Amounts entered in box 16 are included in your profit for tax calculation.


On the long Self-employment page, enter all your self-employed business costs, both those that are 'allowable' for tax (i.e. costs that can be used to reduce the amount of profit that's subject to tax) and those that are ‘disallowable’ for tax (i.e. costs that you can’t use to reduce your taxable profit) in boxes 17-30.

Box 31 is the sum of boxes 17-30.


Enter any disallowable costs in the relevant categories in boxes 32-45. If a cost is 'disallowable', that means it's not allowable for tax relief and you can't use that cost to reduce the amount of profit that you pay tax on.

Box 46 is the sum of boxes 32-45.


Capital allowances

If you need to enter any capital allowances for your self-employed business, select ‘Yes’ to ‘Do you want to claim any tax allowances (capital allowances)?’ and enter the allowances into boxes 49-59. There are complex rules governing what you can claim for different assets. If you're not sure what figure you can claim, please ask your accountant.


CIS deductions

If you're a subcontractor in the construction industry in your self-employed business, enter the tax that was taken off your earnings by your contractors into box 81. This is because HMRC takes this tax into account when working out how much tax you should pay this year.


Balance sheet

The balance sheet boxes, boxes 83-99, are optional. They won't affect the amount of tax you pay so the choice is yours whether to fill in these boxes.

Class 2 National Insurance

Up until 6th April 2024, if your self-employed profits are over the Lower Profits Limit, you have to pay Class 2 National Insurance contributions (NICs). Class 2 NICs are usually a flat rate per contribution week or partial contribution week that you're self-employed (unless you're a share fisherman).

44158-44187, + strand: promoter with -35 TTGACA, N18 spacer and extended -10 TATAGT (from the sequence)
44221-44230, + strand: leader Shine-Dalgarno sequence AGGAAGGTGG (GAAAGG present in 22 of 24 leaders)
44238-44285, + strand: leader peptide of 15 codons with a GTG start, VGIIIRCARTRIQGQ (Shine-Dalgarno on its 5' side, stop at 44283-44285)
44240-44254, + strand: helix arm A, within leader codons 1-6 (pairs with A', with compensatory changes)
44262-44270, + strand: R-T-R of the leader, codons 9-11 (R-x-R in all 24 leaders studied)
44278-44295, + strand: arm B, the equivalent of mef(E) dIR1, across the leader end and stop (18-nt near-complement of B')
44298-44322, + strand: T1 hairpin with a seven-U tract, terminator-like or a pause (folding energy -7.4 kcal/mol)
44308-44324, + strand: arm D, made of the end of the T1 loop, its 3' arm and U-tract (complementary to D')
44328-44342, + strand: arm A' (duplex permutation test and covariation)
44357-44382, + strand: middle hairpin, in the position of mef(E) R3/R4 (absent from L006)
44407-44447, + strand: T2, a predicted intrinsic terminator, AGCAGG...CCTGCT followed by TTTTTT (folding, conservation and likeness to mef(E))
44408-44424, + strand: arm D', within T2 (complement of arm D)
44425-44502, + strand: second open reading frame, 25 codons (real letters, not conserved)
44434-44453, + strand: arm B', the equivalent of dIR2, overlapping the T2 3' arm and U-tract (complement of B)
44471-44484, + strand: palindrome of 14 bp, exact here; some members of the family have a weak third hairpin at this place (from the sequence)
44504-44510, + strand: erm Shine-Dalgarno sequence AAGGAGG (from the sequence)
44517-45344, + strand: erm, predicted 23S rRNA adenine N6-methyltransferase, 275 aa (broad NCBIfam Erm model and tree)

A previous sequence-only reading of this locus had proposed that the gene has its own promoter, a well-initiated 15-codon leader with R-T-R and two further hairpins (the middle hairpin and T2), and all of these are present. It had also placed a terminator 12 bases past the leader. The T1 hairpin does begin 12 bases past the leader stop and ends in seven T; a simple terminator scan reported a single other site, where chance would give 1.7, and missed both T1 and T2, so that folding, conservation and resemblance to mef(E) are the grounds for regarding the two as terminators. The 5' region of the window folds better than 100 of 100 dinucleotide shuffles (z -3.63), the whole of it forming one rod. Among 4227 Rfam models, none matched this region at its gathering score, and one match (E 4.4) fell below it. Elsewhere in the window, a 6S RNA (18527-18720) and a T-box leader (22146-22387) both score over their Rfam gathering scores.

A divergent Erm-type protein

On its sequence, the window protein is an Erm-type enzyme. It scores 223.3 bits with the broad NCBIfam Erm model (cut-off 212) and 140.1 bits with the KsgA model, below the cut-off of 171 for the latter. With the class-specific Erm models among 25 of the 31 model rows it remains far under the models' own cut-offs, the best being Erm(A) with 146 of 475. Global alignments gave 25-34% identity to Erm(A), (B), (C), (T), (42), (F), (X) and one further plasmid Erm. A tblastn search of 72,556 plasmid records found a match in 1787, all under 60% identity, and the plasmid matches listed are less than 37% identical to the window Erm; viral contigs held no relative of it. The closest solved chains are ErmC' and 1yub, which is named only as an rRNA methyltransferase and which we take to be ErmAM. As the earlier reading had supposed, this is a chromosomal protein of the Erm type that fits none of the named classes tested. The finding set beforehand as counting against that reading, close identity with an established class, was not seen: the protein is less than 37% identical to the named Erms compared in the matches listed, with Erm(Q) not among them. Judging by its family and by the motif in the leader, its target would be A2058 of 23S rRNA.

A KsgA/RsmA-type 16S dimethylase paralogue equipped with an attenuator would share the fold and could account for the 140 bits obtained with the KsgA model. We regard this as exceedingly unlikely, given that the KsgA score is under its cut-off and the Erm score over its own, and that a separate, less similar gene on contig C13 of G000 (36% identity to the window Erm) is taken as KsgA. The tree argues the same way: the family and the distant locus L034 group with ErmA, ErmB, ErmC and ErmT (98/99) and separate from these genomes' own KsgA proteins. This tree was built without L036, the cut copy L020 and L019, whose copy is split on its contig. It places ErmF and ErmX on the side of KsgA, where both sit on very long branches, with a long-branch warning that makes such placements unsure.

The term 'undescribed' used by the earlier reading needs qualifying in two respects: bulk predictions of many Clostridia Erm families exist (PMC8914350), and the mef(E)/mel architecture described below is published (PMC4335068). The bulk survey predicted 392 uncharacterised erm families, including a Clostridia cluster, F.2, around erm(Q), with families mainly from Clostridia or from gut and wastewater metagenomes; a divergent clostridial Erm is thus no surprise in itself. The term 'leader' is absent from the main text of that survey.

A contribution week is defined as a period of seven days starting from a Sunday (just after midnight) to the following Saturday (just before midnight). For example, if you started self-employment on Saturday 11th February 2023, you would be liable for Class 2 NICs from Sunday 5th February 2023. If you began self-employment on Sunday 12th February 2023 however, you would be liable for Class 2 NICs from that Sunday.

Once your Class 2 NIC liability has been established, it will continue for as long as you are ordinarily self-employed. This means that you will remain liable for Class 2 NICs during holiday weeks, weeks when you do not do any self-employed work and weeks when you do not earn anything from self-employment.

If you cease self-employment, your liability to pay Class 2 NICs will end on the Saturday of the week in which you ceased to be self-employed. For example, if you gave up self-employment on Thursday 9th March 2023, your liability would have ended on Saturday 11th March 2023 and you would still have had to pay Class 2 NICs for that whole week.

If your self-employment profits are over the Lower Profits Limit, FreeAgent will automatically calculate your Class 2 NI liability for you based on the number of contribution weeks in the tax year in accordance with HMRC guidance, as shown below. However, you can override this amount if you know it to be incorrect e.g. if you started self-employment mid-year.


If your self-employment profits are below the Small Profits Threshold, you can still volunteer to pay Class 2 NICs. If you want to do this, select ‘Yes’ in the section shown above. Please note that from 6th April 2024, only sole traders with profits below the Small Profits Threshold will be able to volunteer to pay Class 2 NICs.

Class 4 National Insurance exemption

Most self-employed individuals have to pay Class 4 National Insurance contributions (NICs). However, if you're under 16, over state pension age, or not resident in the UK for tax purposes as at the start of the tax year in question, you're exempt from paying Class 4 NICs. If this applies to you, select 'Yes' to question 101.

You may sometimes need to adjust the profits on which you're paying Class 4 NICs (e.g. if you've used a loss to claim back some tax and the loss is still available to save you Class 4 National Insurance). Check with your accountant to find out whether this applies to you.

You may also need to adjust the profits on which you’re paying Class 4 NICs if you received any support payments relating to self-isolation due to coronavirus (Covid-19), by entering these in box 102.